FROM CNN's Jack Cafferty:
The recession is taking its toll on Social Security. The government says the trust fund will be paying out more money than it receives by 2016 - a year earlier than expected. And unless changes are made, it will be gone in 2037 - that's 4 years sooner than expected.
A man dressed as a Social Security card is pictured during a rally in D.C. to protect Social Security.
As a result, Social Security recipients probably won't get cost-of-living increases in 2010 or 2011 - something that's happened every year since 1975.
Here's the problem: Social Security is funded by payroll taxes. And with 5.7 million Americans out of work since the recession started, and another 4.3 million jobs being filled on a part-time basis, there's just not as much money going in. With nearly 80 million baby boomers getting ready to retire, the demand for benefits is rising.
Treasury Secretary Timothy Geithner says the administration will tackle Social Security once health care is addressed. Whenever they get around to it, the options are limited. Either raise revenues, which means increase the taxes people pay into Social Security, or cut benefits. That could mean raising the retirement age - which is already scheduled to increase to 67.
Both choices could be political suicide - but something's gotta give. Washington has known about Social Security's problems for years and has chosen to do nothing about it.
Here’s my question to you: How confident are you Social Security will be there for you when you retire?
Interested to know which ones made it on air?
R. from Chicago writes:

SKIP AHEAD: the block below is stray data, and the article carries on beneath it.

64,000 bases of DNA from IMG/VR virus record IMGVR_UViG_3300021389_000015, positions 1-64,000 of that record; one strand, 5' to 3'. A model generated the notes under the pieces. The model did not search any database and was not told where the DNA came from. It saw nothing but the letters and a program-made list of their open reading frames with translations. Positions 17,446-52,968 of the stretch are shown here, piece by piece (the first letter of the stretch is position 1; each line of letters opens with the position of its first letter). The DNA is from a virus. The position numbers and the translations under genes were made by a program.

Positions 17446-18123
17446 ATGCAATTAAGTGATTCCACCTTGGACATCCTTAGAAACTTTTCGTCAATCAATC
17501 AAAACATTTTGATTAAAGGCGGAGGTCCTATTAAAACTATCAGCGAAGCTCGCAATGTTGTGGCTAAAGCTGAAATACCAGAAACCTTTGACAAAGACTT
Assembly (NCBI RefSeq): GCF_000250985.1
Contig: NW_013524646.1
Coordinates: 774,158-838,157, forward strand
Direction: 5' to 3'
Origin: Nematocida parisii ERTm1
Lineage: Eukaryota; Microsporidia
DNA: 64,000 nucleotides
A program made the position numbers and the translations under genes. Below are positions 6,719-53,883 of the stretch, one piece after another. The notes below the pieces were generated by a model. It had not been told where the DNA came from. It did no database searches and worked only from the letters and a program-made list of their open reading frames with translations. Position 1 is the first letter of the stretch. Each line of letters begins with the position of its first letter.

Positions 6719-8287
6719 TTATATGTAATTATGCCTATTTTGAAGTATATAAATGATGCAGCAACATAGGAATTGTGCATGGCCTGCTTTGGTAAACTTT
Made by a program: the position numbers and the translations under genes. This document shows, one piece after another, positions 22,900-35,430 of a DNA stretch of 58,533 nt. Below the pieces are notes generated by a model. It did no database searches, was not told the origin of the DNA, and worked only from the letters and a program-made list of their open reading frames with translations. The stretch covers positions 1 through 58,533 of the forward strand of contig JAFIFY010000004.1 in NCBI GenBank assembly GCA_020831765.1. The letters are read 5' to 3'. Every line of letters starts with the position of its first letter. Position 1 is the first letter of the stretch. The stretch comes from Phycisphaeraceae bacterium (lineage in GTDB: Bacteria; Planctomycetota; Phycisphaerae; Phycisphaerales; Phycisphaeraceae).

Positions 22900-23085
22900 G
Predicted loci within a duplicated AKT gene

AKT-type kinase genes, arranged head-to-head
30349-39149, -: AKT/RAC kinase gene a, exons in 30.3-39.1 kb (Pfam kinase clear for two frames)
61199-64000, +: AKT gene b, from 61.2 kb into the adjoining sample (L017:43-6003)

This has been a problem on the horizon for years, if not decades, and yet no one seems to have made it a priority to figure out a solution. I'm 42 and don't expect to see a dime when (make that if) I ever get to retire, yet I've been paying in my whole adult life. Maybe I should ask for my money back now, while they still have it.
As a 30-year old, I've been saving/investing under the assumption it would never be there for me. I just wish the money that my employer and I are putting into Social Security would go towards something investing in MY future.
Jack, Why isn't the complete income of people taxed for Social Security? I believe only the first $105,000 is taxed. Think of the taxes on the millions some people are drawing for a salary. Not even counting their bonuses… Poor people are taxed on every dollar they make.
Patrick from Lake Stevens, Washington writes:
Yes, I am confident it will still be around, Jack. For years, folks have been predicting Armageddon on Social Security and it has not happened.
Nathan from Oregon writes:
Jack, If Social Security, the biggest government entitlement of all, doesn't work and is going broke, then why do we think creating more expensive programs in health care, education and other social services will work?
Patty from Bristol, Pennsylvania writes:
Dear Jack, Good Lord, no. I'm 42 years old. With two wars to pay for, a broken health care system and don't forget the obscene tax cuts for the super-wealthy, people of my generation will be lucky if we are not living on the street.
Terrance from Hartville, Missouri writes:
I don’t know, Jack, but one thing is for sure: if we had put it into the stock market like the Republicans wanted, it wouldn't be around now!
Filed under: Social Security
Jack Cafferty sounds off hourly on the Situation Room on the stories crossing his radar. Now, you can check in with Jack online to see what he's thinking and weigh in with your own comments online and on TV.